Biopic of the famed scientist and the work she did with her husband Pierre in the discovery of radium. Marie was a student at the Sorbonne studying for her Master's degree in physics when they first met. She received permission to use space in Professor Pierre Curie's laboratory. They soon fall in love and are married, working together on trying to isolate a radioactive substance Marie has identified as radium. Years of painstaking research and experimentation led to success and Marie and Pierre Curie shared the Nobel Prize in Physics. Sadly, Pierre was killed crossing the street in the rain when he was run over by a horse and wagon. Marie continued to work and make major contributions to science. Written by
When Marie determines chemical composition of pitchblende, 7 minerals add to 99%, one mineral (magnesium oxide) is .99% and the "extraneous matter" of .001% all adds up to 99.991%. Presumably the mag-Ox should be .999%, otherwise, the actual extraneous matter would be 10 times greater (.01%) than Marie's stated measurement. See more »
[Madame Curie addresses a large gathering of scientists]
Even now, after twenty-five years of intensive research, we feel there is a great deal still to be done. We have made many discoveries. Pierre Curie and the suggestions we have found in his notes, and his thoughts he expressed to me have helped to guide us to them. But no one of us can do much. Yet, each of us, perhaps, can catch some gleam of knowledge which, modest and insufficient of itself, may add to man's dream of truth. ...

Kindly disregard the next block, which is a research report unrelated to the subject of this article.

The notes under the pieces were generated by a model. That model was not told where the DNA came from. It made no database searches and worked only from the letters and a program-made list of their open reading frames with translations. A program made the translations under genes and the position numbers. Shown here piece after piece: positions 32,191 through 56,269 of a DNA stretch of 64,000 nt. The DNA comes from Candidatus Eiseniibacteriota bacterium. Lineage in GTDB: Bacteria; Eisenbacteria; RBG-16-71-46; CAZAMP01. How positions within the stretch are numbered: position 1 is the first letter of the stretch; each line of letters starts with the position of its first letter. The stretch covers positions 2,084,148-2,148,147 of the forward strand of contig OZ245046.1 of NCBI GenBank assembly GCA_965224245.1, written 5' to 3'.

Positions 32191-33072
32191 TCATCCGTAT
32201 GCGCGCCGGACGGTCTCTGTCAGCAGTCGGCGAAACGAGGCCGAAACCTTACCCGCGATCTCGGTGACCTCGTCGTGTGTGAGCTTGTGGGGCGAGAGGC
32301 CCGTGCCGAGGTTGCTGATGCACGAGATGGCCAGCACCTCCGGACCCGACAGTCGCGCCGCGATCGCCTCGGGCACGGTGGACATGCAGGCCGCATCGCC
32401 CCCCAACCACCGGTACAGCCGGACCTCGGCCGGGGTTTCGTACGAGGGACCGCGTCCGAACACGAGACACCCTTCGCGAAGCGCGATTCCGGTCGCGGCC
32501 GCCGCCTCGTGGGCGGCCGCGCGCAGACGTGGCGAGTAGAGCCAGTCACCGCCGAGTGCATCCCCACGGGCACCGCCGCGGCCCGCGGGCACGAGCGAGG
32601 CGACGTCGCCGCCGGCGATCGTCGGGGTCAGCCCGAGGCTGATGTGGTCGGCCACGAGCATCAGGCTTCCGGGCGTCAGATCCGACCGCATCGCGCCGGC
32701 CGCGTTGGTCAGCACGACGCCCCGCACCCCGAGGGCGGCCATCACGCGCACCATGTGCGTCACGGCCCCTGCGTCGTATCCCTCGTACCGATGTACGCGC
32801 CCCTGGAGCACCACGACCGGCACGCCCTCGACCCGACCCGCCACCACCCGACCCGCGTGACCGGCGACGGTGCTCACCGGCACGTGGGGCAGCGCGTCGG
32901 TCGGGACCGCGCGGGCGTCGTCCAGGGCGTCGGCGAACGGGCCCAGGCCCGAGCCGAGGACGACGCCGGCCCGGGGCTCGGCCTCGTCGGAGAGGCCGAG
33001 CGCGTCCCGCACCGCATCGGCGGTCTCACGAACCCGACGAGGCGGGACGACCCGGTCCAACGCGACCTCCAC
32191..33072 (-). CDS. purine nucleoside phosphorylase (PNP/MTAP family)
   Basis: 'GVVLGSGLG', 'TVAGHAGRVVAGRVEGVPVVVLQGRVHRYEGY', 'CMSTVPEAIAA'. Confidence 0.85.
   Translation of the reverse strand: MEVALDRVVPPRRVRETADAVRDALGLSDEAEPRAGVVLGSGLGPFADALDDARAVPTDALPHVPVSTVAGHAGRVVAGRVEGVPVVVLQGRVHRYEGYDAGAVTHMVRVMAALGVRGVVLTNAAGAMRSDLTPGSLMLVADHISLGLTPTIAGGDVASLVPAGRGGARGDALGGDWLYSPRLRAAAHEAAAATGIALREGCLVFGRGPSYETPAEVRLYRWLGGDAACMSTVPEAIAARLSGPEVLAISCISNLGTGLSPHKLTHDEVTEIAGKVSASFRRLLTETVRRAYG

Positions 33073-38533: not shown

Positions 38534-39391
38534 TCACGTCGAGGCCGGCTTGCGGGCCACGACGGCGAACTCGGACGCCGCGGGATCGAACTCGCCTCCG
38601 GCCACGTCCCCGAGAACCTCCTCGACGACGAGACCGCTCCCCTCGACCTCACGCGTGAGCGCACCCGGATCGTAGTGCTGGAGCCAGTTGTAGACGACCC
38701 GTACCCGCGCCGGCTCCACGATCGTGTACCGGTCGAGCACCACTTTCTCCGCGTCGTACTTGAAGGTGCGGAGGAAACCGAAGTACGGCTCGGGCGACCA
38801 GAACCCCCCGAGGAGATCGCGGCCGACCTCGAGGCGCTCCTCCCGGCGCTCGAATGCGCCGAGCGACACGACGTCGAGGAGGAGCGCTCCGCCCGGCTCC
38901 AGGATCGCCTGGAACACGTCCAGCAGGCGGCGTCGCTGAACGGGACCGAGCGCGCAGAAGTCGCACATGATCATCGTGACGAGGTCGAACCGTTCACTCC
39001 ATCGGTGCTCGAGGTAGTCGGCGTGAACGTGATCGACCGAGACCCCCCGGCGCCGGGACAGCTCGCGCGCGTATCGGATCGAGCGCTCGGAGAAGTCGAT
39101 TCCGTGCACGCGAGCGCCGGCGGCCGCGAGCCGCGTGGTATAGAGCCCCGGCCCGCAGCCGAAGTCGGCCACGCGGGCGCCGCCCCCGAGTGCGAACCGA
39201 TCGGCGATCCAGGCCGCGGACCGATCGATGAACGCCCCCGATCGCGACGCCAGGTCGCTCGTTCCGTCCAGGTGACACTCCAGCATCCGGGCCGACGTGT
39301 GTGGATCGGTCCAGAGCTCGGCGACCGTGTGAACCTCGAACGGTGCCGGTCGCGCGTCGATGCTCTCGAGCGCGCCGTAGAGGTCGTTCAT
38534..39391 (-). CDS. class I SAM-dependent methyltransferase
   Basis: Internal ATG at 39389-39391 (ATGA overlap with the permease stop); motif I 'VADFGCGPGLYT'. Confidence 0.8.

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Garson and Pidgeon discover radium...tasteful biography...
Here we have Greer Garson in the kind of role that would later inspire that wonderful sequence from 'Ziegfeld Follies' (the 'Madame Crematon' impersonation by Judy Garland, a rip-off of Greer in her great lady roles). But, surprisingly or not, Garson and Pidgeon are teamed in a very eloquent and moving biography, one of the more tasteful and dignified bios of the 1940s considering it deals with subject matter not conducive to popular taste.
Their long work in the laboratories finally leads to the discovery of radium--and this is the fascinating story of how they met and married and indulged in their lifelong pursuit of discovery. A young and rather miscast Robert Walker plays a fellow lab worker. Van Johnson has a few brief moments toward the end, as does Margaret O'Brien. But the focus is on Greer Garson and Walter Pidgeon and they both deliver Oscar nominated performances.
This is one of the better screen biographies and one that has been sorely neglected over the years. Watch for my career article on GREER GARSON to appear in an upcoming issue of FILMS OF THE GOLDEN AGE.
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